Among the many genres of music these days, there is one in which the band
Switchfoot stands alone. With the release of their new album Nothing is
Sound, it's hard to compare how the band sounds today to how they’ve sounded
in the past. Switchfoot has come a long way from "I Dare You to Move", the
single off of their last album, The Beautiful Letdown. Although that album
launched Switchfoot into the mainstream string of music, it caught much
attention. Now, the Foreman brothers are back and Nothing is Sound should
represent what Switchfoot is all about: good rock music.
When people think of Switchfoot, most are reminded of the 2002 movie A Walk
to Remember. Throughout the movie, songs off of the band's first few albums
could be heard, such as "Only Hope" off of the New Way to Be Human
album and "Learning to Breathe" off of the Learning to Breathe album. This
led critics to believe that Switchfoot is a religious band, which they might
be. However, that doesn't affect the band's ability to play good music. So
for a track by track analysis of Nothing is Sound, listen up.
1. "Lonely Nation" – A good way to start out the album, as it is very
energetic. The song was well written, and it's fairly obvious that the Foreman
brothers wrote this in relation to the Iraq war.
2. "Stars" – Probably one of the better songs on the album. The band
released this song as their first single. The chorus is catchy, a little
repetitive, but most of you will like this song the best.
3. "Happy is a Yuppie Word" – I’m not exactly sure what "yuppie" means.
This song is a little slower, not my favorite, but if you're the type that
like songs with slow verses and faster/louder choruses, you might like
4. "The Shadow Proves the Sunshine" – Another slower one; however, this
one stays slow the whole way through. Not a bad track, the song has well
written religious lyrics and a good slow guitar opening. A solid song.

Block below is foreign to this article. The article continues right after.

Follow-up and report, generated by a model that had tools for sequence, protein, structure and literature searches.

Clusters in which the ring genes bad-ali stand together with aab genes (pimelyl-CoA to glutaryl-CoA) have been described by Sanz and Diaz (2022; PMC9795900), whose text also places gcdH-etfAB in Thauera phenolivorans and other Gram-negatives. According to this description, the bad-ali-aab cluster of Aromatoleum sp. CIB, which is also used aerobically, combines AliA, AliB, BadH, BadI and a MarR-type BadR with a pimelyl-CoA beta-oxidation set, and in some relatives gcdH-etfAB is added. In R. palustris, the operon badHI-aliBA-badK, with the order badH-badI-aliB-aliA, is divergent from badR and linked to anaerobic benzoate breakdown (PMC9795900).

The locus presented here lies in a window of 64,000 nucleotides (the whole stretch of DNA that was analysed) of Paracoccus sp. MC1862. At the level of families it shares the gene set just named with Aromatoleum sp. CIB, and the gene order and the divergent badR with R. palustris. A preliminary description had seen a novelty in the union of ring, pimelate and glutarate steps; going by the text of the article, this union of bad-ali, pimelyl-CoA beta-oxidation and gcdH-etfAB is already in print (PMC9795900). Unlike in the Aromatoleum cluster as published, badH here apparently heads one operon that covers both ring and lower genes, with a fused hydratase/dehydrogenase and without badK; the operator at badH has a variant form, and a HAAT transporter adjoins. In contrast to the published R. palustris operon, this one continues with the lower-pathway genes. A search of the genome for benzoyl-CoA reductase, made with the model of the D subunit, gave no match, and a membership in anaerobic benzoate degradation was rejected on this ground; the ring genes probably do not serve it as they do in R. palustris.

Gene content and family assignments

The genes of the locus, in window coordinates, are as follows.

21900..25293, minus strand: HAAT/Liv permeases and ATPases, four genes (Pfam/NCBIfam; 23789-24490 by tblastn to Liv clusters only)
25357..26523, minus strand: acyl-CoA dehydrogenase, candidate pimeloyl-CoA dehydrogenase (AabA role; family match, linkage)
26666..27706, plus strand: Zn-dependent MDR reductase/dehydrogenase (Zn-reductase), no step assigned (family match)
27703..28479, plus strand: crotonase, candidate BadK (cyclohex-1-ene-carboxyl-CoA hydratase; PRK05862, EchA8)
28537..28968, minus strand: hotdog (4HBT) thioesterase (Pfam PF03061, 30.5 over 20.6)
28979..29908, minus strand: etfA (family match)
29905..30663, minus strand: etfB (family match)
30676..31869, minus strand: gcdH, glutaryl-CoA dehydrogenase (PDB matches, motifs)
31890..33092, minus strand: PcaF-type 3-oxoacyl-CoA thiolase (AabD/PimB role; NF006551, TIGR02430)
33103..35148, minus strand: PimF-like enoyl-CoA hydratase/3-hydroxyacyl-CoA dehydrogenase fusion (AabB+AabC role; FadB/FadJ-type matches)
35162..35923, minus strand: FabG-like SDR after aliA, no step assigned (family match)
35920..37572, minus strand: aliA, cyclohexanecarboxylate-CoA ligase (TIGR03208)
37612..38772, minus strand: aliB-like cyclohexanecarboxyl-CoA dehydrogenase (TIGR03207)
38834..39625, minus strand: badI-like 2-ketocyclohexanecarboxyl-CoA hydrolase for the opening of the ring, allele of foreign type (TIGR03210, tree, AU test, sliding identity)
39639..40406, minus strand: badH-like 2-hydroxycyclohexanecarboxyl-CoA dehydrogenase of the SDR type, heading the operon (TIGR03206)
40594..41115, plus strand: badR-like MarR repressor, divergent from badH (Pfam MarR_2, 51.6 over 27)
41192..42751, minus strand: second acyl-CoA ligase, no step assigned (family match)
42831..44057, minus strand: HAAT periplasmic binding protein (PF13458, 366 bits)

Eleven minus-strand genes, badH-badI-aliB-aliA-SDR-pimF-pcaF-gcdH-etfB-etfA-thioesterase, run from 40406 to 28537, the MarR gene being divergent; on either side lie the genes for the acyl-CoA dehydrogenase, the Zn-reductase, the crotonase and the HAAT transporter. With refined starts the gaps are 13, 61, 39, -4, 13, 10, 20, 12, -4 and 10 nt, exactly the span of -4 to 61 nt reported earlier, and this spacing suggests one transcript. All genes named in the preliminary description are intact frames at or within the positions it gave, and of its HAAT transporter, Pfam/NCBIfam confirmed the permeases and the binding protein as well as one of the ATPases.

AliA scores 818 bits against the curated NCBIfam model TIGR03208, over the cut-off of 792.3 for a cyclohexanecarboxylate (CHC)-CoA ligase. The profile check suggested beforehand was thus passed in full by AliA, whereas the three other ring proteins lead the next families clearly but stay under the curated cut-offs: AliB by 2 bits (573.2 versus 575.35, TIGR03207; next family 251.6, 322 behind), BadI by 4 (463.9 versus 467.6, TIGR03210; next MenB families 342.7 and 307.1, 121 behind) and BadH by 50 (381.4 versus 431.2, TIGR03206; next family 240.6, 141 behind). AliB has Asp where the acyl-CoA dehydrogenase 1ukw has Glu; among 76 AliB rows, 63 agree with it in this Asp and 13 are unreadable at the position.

5. "Easier than Love" – A quicker song with an energetic flow. Again,
not one of my favorites, but it has a good sound. It stands out from the others
on the album.
6. "The Blues" – A very good yet depressing song. Have you ever lie in your
bed listening to music, trying to make a song fit the way you’re feeling? This one is an excellent song to relax and just listen to. The title of the track is well suited.
7. "The Setting Sun" – This song has a pop feel, but don't let that turn
you away. It's a great song, and the lyrics are excellent. You can tell the
band put a lot into this one. "Let us find where we belong, beyond this
setting sun, beyond this setting sun." Great song.
8. “Politicians” – This could be one of Switchfoot’s hardest/darkest
songs. Why not have a song called "Politicians" with all of the commotion in
politics these days? It may sound like an anti-government song, but it is
clearly not. "I pledge allegiance to a country without borders, without
politicians." Not a bad song at all.
9. "Golden" – Obviously another religious song. It's a great song with
spiritual lyrics. "And everything will be made new again like freedom in
spring." This song is about redemption and how everything old will eventually
become new. I'm not into this one though.
10. "The Fatal Wound" – This isn't the best song on the album. I didn’t
enjoy it as much as the others. The lyrics were a little dark. The harmonica
solo was a change from Switchfoot’s normal style. I skipped over this song
before it was finished.
11. "We Are One Tonight" – A moderately paced song with pretty good
lyrics. The band might have been pushing out the last of their songs to
finish the album. The song is OK, but nothing I would recommend for radio
play. Then again, it's only my opinion.
12. "Daisy" – A slow song to cap off a great album. This is what most
bands will do for a conclusion. The song's not bad, but I probably wouldn't
recommend listening to it unless you have a play-list on your computer to fall
There you have it! Go out and experience this album for yourself. A word to
the wise: if you decide to purchase the album, buy the dual-disc version
because the regular version is copy-right protected, which limits you to only
using the software that comes with the CD. This means that there is no ripping
the CD to iTunes and putting the tracks on your iPod. Also, the regular CD
limits the amount of burnt copies you can make. The copy-right protection is
why many people have given the album a bad rating; however, it is not the band
that asked for the protection, it was the record label. Get the dual-disc!
John is filling in for Dear Abby when not heading Whim's Sports Section.